The heartbroken men began bracing themselves to say goodbye to their pal when one of them suddenly had a great idea. Mascots aren't allowed, he reasoned, but they sure aren't in a position to turn away a soldier. In what must surely be the most brazen act of forgery known to man, Anders' Army miraculously found its numbers increased by one. Paperwork for a Private Wojtek made a mysterious entry. His paybook, service number, and rank were filed with the unit and Private Wojtek was cleared to make the journey by a port authority who, we assume, simply didn't have a single f**k left to give about anything.
WOJTEK THE SOLDIER
Let's back up a second to clarify that Anders' Army was part of the Allied forces in Italy, meaning that they had just drafted a six-foot-tall, beer-swilling, cigarette-eating, 500-lb monster to go fight Nazis. And fight he did....although he couldn't quiiiiiite be trained to actually go eat Nazis (maybe somebody should have just told him that they had beer and cigarettes), there are a number of accounts of Wojtek being seen by British soldiers, schlepping crates of ammunition which normally took four men to lift and stacking them on trucks.
Those particular reports spread around the world like wildfire. We'll never know whether the Nazis had a little tremble in their bootzen at the realization that even the wildlife had had enough of their nonsense, but we can certainly hope so. Newspapers carried stories (some true, most wildly exaggerated) of Wojtek's exploits as a morale booster and, frankly, as literally the only thing about the war that wasn't completely horrific. Wojtek became so popular that the insignia of his unit was changed to reflect the story. Eventually, the bear cub who was bought in an Iranian train station on a whim became a full-fledged Corporal in the Polish Army.
Photo courtesy of the Imperial War Museum
WOJTEK THE RETIREE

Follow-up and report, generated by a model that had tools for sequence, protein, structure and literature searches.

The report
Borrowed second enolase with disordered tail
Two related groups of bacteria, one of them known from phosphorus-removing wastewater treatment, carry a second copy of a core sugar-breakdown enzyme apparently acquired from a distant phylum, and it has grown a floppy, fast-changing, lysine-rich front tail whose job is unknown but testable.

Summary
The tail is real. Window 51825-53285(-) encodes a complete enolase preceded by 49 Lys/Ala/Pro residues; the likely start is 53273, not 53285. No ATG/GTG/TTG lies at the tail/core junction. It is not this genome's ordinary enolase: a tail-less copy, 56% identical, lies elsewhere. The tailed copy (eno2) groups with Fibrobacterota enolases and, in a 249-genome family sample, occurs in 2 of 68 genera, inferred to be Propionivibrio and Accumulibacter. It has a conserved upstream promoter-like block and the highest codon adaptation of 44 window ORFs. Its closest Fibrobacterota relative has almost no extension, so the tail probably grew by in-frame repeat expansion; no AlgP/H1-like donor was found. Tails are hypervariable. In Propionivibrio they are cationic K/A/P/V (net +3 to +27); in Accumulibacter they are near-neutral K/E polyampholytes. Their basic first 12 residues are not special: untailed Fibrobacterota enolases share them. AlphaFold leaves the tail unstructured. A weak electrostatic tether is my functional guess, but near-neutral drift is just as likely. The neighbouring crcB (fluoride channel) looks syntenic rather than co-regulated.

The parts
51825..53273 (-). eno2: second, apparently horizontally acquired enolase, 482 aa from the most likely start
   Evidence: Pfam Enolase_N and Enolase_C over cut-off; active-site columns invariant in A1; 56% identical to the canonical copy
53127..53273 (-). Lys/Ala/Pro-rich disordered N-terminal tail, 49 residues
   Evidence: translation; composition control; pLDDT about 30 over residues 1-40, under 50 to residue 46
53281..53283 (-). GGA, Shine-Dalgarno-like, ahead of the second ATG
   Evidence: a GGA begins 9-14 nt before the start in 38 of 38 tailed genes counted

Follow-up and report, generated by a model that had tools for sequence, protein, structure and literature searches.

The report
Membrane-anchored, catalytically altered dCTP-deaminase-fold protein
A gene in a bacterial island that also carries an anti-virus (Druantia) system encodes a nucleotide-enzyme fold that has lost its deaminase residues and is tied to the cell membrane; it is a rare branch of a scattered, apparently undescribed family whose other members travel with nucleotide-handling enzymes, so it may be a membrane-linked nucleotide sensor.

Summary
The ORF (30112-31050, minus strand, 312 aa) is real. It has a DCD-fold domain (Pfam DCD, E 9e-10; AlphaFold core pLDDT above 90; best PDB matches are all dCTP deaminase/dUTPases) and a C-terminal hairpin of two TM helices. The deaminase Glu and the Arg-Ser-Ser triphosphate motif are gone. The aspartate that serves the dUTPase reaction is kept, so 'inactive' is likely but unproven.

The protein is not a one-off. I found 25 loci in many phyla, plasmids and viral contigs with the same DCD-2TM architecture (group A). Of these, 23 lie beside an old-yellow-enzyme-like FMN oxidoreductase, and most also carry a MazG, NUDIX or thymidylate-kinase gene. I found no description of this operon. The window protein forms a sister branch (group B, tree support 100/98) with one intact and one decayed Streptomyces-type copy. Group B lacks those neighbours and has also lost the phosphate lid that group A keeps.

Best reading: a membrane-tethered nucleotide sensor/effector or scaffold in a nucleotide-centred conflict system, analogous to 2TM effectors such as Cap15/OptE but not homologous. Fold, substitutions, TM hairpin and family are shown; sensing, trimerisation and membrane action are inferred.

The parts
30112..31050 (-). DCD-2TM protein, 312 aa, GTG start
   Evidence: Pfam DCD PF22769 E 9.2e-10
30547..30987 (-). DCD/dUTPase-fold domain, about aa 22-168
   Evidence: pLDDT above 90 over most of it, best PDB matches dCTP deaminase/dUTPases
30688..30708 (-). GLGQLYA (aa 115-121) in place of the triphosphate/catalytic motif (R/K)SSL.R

After the end of the war, Wojtek made his way to Scotland with the rest of his unit. As Anders' Army was slowly disbanded, the question of where their furry friend would live became more and more pressing. Despite political pressure to bring him to Poland (where the soldiers feared he'd become a symbol of Communism - which, to be fair, is exactly what would have happened), the decision was eventually reached that he'd stay right there in Scotland. He maintained his wild celebrity status for the rest of his life in the tiny village of Hutton in Berwickshire. He was treated as a war hero and was frequently visited by soldiers from his unit, who found him always ready to hit them up for a cigarette.
Wojtek eventually died at the age of 22. Even in death he's celebrated as a war hero, and statues of him can be found in Scotland, England, and Poland. Every once in a while, somebody will still visit the statues to leave him a bottle of beer or a pack of smokes.
Adam Azra'el is the producer of The Lesser Stories podcast, a multi-instrumentalist, and a colossal fan of ham and cheese sandwiches. You can find him around the internet being a general pain in everyone's backside on facebook and instagram, and he has tweeted exactly once.